IND v NZ: All-round Kiwis level series

Although India's spin bowlers allowed the home team to restrict New Zealand to 260 for 7, the batting faltered in chase. New Zealand came out on top in the fourth One-Day International by 19 runs to square the five-match series 2-2.

Axar Patel resurrected India's fading innings with a quickfire 38, but it was not enough to secure a victory.   -  K. R. Deepak

New Zealand successfully scaled the inertia in its ranks and pulled off a fine performance to beat a formidable India by 19 runs and restore parity in the ODI series here at the JSCA International Stadium on Wednesday.

> Scorecard and ball-by-ball updates

The result was big disappointment for the home crowd, which had come in thousands to cheer for native hero Mahendra Singh Dhoni to secure the series with a win. The visitor spoiled the party with a better show of discipline and all-round efficiency. With the series tied 2-2, the focus now moves to Visakhapatnam, which will host the decider on Saturday.

India’s bowling, led by the spin triumvirate of Amit Mishra, Axar Patel and Kedar Jadhav, worked out a fine comeback to restrict New Zealand, which made a flying start, for 260 for seven in the allotted 50 overs

In reply, India folded up in 241 after its tail-enders made a resolute bid to salvage the match that had moved away from India’s grasp due to a batting collapse.

 

New Zealand pacers did the damage against India’s batsmen, who sought to prepare for spinners. The host had looked heavily dependent on Virat Kohli, who had been the most prolific Indian batsman and aggregated 293 runs at an average of 146. Kohli, who had inspired the previous two wins - in Dharmashala and Mohali - remaining unbeaten on 85 and 154, failed to reach another big score and virtually ended the host’s prospects.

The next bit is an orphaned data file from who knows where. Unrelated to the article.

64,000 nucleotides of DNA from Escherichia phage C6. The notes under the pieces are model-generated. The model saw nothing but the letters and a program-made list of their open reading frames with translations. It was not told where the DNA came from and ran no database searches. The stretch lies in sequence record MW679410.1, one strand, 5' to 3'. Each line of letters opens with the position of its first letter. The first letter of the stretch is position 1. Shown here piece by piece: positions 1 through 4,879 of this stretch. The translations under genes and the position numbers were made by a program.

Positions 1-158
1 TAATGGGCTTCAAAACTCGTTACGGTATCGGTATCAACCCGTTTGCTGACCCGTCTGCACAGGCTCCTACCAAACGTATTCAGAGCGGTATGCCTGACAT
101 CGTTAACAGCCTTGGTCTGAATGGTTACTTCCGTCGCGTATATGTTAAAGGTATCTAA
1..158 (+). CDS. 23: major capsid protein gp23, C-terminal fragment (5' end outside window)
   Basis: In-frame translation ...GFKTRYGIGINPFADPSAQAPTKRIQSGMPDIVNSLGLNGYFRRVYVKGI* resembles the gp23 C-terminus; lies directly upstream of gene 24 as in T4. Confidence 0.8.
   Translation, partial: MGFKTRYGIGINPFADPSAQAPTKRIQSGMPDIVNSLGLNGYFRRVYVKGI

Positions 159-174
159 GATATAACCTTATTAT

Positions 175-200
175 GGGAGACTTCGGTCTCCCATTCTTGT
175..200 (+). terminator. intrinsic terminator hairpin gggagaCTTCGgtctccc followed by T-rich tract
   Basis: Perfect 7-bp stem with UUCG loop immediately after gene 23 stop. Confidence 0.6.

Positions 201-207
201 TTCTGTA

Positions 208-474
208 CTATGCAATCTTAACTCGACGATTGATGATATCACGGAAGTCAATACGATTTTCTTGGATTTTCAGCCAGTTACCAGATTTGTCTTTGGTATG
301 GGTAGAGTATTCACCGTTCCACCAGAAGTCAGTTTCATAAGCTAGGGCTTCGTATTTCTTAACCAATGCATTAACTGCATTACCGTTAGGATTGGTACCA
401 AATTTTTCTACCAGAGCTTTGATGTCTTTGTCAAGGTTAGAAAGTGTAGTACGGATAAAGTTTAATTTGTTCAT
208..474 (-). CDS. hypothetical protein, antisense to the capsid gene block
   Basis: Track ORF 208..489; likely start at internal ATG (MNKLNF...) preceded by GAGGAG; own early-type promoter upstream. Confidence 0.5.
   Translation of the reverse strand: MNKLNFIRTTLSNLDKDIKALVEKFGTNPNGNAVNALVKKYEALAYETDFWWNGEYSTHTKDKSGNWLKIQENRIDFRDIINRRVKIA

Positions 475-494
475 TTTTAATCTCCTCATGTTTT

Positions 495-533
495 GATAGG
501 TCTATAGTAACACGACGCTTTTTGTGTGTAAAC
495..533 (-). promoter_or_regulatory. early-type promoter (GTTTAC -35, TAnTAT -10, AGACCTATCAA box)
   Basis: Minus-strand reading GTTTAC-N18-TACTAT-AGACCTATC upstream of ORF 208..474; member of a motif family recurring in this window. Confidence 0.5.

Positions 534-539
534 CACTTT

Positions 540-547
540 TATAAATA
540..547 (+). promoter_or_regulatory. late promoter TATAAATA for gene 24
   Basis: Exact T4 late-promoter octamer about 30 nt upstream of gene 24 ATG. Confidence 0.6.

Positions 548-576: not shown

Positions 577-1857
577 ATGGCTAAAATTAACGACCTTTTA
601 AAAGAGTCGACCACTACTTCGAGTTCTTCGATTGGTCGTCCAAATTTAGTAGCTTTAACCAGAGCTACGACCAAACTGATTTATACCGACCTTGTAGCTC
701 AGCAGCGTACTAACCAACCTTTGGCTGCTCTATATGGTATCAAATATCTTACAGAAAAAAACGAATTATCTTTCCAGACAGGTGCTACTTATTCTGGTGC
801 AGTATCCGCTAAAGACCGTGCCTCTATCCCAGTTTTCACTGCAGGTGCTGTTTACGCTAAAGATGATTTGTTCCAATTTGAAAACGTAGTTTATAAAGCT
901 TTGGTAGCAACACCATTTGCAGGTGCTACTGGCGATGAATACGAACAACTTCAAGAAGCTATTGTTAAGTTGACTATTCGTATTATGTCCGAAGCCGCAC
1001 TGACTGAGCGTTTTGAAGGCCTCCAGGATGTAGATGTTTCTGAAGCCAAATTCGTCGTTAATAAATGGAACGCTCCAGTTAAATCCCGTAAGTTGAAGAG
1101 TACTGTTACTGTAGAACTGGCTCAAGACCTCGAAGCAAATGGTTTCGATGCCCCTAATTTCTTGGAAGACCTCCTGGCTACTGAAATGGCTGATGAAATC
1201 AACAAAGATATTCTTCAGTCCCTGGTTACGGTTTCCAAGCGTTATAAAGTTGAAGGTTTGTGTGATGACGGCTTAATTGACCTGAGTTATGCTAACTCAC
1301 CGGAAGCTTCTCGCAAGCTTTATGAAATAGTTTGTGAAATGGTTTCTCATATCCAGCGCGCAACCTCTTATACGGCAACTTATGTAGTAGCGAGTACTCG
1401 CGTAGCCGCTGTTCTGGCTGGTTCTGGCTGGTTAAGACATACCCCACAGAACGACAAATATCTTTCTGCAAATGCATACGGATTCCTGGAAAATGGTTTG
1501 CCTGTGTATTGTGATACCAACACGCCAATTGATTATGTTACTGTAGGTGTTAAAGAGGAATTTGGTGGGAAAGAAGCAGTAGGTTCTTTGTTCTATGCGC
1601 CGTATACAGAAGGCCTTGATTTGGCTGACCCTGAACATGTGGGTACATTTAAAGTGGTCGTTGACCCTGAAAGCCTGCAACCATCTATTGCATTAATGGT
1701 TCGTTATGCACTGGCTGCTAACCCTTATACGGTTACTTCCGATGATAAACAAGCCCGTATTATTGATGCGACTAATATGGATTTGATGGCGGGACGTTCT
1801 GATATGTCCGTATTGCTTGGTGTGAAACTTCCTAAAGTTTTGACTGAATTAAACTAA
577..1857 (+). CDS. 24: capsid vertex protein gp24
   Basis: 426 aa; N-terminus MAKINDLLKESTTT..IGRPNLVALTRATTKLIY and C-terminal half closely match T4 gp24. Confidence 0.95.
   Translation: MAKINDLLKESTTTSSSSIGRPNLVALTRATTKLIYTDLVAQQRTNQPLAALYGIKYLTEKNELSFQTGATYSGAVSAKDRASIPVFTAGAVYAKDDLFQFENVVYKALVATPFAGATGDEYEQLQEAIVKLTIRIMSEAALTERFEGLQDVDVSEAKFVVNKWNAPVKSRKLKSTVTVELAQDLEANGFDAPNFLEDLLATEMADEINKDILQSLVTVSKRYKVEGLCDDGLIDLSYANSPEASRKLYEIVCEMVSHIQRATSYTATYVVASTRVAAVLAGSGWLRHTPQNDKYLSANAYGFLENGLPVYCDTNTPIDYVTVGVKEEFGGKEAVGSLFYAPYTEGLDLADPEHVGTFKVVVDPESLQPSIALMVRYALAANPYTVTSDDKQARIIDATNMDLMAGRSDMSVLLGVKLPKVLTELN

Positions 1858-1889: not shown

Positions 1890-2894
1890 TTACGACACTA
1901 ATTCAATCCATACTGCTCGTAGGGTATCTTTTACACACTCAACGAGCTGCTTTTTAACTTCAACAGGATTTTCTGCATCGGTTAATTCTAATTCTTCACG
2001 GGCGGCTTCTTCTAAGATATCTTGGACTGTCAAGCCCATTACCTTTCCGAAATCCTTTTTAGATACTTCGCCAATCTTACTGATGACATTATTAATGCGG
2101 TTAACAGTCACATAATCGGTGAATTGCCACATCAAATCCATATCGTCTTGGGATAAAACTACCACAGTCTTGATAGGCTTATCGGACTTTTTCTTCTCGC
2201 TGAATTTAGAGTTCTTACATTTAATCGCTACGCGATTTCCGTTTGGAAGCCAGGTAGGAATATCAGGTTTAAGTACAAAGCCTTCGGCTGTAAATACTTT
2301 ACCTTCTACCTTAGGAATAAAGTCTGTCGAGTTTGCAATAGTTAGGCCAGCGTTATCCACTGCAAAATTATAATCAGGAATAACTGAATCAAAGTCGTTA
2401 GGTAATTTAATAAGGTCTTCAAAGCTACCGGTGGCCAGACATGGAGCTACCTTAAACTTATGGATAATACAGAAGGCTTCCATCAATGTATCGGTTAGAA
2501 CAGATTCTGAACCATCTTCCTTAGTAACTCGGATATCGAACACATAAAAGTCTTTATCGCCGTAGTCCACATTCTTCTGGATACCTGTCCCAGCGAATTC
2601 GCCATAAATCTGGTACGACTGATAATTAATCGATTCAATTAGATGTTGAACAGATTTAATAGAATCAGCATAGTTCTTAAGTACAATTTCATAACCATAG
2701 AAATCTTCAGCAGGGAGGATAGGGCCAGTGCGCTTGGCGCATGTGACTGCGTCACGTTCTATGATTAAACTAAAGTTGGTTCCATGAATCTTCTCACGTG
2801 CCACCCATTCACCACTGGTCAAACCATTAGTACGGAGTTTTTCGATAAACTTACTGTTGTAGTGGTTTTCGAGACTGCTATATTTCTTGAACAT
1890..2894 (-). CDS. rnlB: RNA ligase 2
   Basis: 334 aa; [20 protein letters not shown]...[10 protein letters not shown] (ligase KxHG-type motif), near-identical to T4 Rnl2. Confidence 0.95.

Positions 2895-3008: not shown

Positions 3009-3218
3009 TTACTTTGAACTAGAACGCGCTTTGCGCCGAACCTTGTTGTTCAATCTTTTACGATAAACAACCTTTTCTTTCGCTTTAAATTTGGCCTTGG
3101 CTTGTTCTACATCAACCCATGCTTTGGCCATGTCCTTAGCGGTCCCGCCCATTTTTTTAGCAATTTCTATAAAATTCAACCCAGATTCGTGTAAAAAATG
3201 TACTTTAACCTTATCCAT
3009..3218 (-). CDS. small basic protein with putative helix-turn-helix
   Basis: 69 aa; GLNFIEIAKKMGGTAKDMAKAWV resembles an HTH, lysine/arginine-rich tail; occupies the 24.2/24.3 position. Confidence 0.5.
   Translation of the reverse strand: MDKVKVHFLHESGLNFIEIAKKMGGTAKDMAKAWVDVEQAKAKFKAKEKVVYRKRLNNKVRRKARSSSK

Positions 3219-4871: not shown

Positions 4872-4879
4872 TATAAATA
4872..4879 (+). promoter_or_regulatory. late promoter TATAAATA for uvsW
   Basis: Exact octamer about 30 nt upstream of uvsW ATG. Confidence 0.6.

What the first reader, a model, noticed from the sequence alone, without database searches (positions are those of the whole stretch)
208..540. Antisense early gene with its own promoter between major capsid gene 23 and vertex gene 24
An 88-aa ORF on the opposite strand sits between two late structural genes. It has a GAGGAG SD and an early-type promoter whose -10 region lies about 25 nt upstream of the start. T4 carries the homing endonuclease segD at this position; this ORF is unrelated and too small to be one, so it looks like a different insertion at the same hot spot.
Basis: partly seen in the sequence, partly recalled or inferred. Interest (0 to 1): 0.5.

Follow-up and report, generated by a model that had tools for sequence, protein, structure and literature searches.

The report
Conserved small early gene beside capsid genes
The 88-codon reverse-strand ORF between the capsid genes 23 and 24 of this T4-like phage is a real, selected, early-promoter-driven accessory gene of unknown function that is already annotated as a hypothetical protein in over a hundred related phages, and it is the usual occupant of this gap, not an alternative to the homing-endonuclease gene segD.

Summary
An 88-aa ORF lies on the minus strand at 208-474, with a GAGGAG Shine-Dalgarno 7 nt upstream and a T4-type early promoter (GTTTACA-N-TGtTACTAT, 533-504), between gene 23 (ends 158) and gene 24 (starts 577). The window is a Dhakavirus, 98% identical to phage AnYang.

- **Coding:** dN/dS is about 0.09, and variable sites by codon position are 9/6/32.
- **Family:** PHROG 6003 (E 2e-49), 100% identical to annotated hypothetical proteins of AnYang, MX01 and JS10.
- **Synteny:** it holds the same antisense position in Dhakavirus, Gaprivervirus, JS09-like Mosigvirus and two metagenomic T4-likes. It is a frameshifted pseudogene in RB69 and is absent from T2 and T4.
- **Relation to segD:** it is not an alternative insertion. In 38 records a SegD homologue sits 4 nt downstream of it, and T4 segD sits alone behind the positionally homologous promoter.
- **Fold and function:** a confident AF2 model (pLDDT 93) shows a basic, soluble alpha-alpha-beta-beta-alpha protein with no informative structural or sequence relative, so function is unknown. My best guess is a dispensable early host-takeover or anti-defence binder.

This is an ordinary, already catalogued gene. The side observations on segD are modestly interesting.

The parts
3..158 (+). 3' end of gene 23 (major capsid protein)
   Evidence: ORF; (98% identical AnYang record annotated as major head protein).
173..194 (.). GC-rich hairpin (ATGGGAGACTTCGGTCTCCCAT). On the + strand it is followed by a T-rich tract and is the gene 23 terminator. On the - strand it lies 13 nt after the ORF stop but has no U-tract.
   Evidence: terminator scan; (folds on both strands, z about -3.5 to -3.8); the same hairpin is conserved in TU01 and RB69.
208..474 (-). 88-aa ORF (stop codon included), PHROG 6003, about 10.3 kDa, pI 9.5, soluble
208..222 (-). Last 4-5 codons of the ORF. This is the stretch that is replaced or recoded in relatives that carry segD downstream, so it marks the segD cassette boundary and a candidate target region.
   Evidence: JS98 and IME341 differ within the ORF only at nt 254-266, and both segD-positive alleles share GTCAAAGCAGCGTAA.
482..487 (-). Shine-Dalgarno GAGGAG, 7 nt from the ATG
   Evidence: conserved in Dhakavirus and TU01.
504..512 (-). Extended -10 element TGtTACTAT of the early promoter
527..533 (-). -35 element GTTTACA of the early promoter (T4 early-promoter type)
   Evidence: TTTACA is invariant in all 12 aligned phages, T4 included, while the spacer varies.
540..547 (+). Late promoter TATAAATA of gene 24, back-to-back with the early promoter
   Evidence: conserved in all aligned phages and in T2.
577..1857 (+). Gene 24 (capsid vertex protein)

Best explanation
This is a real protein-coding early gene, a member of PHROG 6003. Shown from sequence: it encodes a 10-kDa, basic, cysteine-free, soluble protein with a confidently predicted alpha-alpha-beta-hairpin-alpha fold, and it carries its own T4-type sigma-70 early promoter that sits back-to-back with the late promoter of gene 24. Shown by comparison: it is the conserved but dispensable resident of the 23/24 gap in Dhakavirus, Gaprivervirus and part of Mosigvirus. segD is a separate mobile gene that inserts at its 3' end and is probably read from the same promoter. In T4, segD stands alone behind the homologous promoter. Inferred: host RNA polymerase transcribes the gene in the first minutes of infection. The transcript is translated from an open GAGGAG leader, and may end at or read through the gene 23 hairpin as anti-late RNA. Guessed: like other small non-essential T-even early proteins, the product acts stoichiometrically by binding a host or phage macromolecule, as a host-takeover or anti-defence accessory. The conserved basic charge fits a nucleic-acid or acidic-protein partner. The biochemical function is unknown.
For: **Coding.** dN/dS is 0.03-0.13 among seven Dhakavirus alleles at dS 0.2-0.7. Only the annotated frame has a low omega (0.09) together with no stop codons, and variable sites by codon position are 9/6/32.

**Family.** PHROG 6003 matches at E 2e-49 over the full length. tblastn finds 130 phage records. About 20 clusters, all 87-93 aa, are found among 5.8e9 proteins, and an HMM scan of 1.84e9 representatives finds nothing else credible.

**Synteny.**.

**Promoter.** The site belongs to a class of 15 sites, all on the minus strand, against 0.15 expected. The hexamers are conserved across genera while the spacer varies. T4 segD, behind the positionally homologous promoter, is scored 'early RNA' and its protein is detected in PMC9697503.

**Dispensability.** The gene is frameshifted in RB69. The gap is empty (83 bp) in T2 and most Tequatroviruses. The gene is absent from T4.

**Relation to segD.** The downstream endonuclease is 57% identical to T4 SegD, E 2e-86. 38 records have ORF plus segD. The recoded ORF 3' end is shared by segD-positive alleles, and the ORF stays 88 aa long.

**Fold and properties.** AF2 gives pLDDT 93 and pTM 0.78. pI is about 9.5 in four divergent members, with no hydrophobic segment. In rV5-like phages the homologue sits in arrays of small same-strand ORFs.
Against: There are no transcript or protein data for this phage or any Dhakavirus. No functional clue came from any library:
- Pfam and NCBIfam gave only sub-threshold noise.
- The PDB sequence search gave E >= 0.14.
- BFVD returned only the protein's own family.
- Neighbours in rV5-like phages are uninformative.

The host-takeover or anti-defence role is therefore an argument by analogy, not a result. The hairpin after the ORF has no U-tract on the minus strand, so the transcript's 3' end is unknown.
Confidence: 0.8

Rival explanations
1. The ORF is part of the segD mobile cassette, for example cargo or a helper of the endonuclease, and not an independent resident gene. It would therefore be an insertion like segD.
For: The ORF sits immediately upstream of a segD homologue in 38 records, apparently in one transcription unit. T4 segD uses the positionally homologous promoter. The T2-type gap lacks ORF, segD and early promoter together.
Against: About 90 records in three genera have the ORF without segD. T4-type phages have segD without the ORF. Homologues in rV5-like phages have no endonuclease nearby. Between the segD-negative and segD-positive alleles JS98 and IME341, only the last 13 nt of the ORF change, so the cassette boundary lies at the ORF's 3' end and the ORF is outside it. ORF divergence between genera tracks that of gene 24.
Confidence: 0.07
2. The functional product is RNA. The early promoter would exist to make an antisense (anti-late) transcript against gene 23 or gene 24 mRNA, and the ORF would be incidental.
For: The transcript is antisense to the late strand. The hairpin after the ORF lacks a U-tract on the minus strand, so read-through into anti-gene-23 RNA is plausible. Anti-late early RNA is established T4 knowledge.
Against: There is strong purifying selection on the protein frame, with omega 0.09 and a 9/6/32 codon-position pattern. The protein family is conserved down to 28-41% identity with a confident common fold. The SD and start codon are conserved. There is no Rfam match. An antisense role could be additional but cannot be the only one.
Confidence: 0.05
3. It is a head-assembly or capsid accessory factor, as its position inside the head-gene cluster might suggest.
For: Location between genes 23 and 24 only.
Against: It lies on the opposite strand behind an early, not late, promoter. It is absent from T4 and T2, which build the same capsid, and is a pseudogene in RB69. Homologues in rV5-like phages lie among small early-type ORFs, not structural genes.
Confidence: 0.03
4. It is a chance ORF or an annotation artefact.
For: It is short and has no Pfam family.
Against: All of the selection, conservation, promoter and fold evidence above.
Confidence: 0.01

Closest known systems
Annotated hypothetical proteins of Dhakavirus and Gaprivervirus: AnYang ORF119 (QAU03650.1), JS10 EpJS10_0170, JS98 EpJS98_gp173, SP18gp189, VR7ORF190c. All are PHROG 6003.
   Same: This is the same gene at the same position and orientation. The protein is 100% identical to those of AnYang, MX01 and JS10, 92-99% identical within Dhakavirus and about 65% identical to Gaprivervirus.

A momentary lapse in concentration saw Kohli, who made a fine 45 (51b, 2x4, 1x6), snared by the Kiwi wicketkeeper BJ Watling as he chased a wide delivery from leg-spinner Ish Sodhi.

India’s captain Dhoni could not reciprocate the faith shown by the home crowd on his ability. Dhoni continued to live dangerously against the Kiwi spinners, especially Sodhi, and perished against a James Neesham delivery which kept low and went through his defence.

Rohit Sharma’s dry run continued as the opener returned early after scoring two boundaries in his 11. Sharma’s opening partner Ajinkya Rahane applied himself much better to score a fine 57 (70b, 5x4, 1x6) but could not effectively translate the good work into a match-winning knock.

After Rahane left - trapped leg-before to another deceptive Neesham delivery - the Indian fight was all but over. Dhoni was the next to go, leaving the youngsters Axar Patel and Manish Pandey to do a resurrection act. But that was not to happen despite Axar providing some resistance with a resolute 40-ball 38 (3x4, 1x6) and No. 10 Dhawal Kulkarni taking the fight ahead with a breezy 25 in 31-run stand for the last wicket.

Positive start for NZ

New Zealand’s captain Kane Williamson opted to bat on winning the toss for the first time in the series. Calling the pitch ‘tired’, Williamson hoped the blandness of the surface would help the team’s beleaguered batting get back in the rhythm.

New Zealand made three changes bringing in wicketkeeper BJ Watling for an off-colour Luke Ronchi, and spinners Anton Devcich for Corey Anderson and Ish Sodhi for Matt Henry.

The New Zealand captain appeared to have thought it well as Martin Guptill and Tom Latham got down to script a fine partnership that seemed to end long-standing opening woes for the visitor.

Guptill and Latham paired in a 96-run (in 93 balls) stand, giving the express start the Kiwis had been hoping for long. Latham got out to left-arm spinner Axar Patel leaving Guptill to do the scoring. Guptill, who was given two lives by Mishra, enjoyed the reprieve well to reach 72 (84b, 12x4).

After he got out, the innings became sluggish as captain Williamson (41) and Ross Taylor (34) struggled against the Indian spin attack. The Indian spinners combined to bowl pretty well and gave away only 107 runs in 28 overs at a rate of 3.82 runs an over that restricted New Zealand to a reasonable score, but the score proved to be enough for a series-levelling victory.